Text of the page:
Response to Brave New World
"Every human has four endowments - self awareness, conscience, independent will and creative imagination. These give us the ultimate human freedom...The power to choose, to respond, and to change."
One word that sums up my reaction after reading both "Brave New World," by Aldous Huxley and "Ismael," by Daniel Quinn is 'enlightened'. They made me think about the future, both near and far away. Both of these books could be labeled as realistic fiction, but then there are key elements in the stories that make them undeniably unbelievable. They talk about the same topics, and ideas, regarding the world's society and civilization.
"Brave New World" and "Ismael" show us the consequences of our present actions and how badly our society might turn out to be. Ismael was full of foreshadowing and possible situations of our world's future. It taught us how to look at things "in a different perspective," that there can be more than one view on a situation, idea, or opinion. "...Facts are facts, even when they're embodied in mythology. But what about the rest? Did the entire cosmic process of creation come to an end 3 million years ago, right here on this little planet, with the appearance of man?..."(Quinn pg 57.) Ismael asks us meaningful questions that make us think about what we think about the world, and why do we think about it that way.
In "Brave New World", Aldous Huxley uses a less obvious way of making us aware of ourselves, and our civilization. He doesn't directly ask questions; he gives us a possible scenario, and this set-up allows us to draw our own conclusions and opinions. He tells us about how the world might become a population of clones and castes. There could be countless replicas of the same person, blocking out uniqueness. He tells about the upside of this uniform civilization, how everyone is happy to be who they are. But the only reason they are happy with their lives is because they are trained, and hypnotized, to be.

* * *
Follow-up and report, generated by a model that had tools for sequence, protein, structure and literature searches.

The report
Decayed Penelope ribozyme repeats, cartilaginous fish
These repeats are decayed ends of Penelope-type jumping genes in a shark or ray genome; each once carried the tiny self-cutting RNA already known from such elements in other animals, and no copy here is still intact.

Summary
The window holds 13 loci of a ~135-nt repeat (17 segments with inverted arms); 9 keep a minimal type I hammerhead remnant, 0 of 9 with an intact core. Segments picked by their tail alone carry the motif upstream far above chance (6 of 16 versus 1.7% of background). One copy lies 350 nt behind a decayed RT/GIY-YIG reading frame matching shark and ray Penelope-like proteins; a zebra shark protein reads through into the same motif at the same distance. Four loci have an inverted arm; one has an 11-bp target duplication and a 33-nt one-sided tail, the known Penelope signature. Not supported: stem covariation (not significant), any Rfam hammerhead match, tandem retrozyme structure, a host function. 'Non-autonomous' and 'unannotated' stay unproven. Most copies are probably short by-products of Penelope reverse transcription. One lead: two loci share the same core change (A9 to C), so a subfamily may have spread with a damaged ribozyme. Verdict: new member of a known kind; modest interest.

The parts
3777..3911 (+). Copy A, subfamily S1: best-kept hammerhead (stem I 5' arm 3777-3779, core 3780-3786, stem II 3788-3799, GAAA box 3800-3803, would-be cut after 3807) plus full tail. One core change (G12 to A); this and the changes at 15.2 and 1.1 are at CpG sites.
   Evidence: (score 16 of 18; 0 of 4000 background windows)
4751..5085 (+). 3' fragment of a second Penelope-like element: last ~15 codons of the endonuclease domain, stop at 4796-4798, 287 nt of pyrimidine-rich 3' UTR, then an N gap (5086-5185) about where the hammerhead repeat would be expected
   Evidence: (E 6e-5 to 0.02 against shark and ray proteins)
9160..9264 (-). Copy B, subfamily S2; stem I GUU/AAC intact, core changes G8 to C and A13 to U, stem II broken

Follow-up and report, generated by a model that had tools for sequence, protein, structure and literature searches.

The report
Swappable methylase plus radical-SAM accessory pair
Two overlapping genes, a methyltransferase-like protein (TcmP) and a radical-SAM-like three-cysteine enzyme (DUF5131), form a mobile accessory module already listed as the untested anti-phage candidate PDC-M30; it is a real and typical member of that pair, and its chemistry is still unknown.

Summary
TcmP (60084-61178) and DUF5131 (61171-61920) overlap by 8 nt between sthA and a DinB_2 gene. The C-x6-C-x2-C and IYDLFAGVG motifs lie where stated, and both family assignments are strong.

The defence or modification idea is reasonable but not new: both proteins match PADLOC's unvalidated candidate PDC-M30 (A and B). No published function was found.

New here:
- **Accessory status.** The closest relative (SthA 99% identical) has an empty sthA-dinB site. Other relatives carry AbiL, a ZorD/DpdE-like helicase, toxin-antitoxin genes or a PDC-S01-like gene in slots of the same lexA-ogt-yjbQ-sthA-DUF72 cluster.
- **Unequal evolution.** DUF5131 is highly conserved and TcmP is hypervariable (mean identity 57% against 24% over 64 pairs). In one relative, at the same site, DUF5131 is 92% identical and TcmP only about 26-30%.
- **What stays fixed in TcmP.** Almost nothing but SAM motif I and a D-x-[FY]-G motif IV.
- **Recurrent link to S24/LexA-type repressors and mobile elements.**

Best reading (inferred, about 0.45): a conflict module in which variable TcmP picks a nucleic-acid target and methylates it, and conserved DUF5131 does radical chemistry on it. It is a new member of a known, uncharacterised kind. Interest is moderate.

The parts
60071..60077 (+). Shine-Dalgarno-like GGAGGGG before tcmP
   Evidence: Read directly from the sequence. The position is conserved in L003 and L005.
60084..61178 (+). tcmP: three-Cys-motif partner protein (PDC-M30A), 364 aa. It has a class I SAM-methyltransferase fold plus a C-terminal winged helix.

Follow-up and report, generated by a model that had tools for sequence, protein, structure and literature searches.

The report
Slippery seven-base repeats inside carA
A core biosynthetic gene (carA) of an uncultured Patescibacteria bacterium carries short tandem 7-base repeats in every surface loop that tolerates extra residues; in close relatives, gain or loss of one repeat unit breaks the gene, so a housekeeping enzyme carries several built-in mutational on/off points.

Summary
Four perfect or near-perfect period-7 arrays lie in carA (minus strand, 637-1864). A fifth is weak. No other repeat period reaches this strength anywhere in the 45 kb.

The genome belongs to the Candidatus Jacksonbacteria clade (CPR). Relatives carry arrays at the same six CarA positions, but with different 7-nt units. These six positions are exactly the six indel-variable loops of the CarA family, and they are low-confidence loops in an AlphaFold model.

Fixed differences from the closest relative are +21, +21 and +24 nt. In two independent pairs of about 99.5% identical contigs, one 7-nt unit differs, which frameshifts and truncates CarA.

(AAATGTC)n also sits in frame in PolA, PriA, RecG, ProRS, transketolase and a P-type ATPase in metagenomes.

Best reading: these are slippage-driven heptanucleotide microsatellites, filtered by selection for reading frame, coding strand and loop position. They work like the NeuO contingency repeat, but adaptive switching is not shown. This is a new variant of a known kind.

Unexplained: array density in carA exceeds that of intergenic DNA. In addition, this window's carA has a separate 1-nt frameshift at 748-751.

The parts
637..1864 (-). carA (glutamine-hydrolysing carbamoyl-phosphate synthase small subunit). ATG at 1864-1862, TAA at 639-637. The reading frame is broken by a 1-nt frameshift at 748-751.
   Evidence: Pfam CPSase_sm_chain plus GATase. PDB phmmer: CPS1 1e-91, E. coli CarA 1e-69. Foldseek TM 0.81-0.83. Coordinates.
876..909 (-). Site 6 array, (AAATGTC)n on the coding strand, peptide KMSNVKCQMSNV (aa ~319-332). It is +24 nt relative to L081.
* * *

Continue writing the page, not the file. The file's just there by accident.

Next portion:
"Alpha children wear grey. They work much harder than we do, because they're so delightfully clever. I'm really awfully glad I'm a Beta, because I don't work so hard. And then we are so much better than the Gammas and Deltas..." (Huxley pg 27.) The people in this possible future society don't know any other way of living, which defies the way our present society views things, in having freedom and choices.
These two novels make readers aware of possible futures of our society. They encourage readers to make reparations by trying to change the way they think, and act, and become more open-minded.
"If I can bring some light to bear on problems like that, I feel that people will be enlightened not only on the question but also on a way of approaching such questions."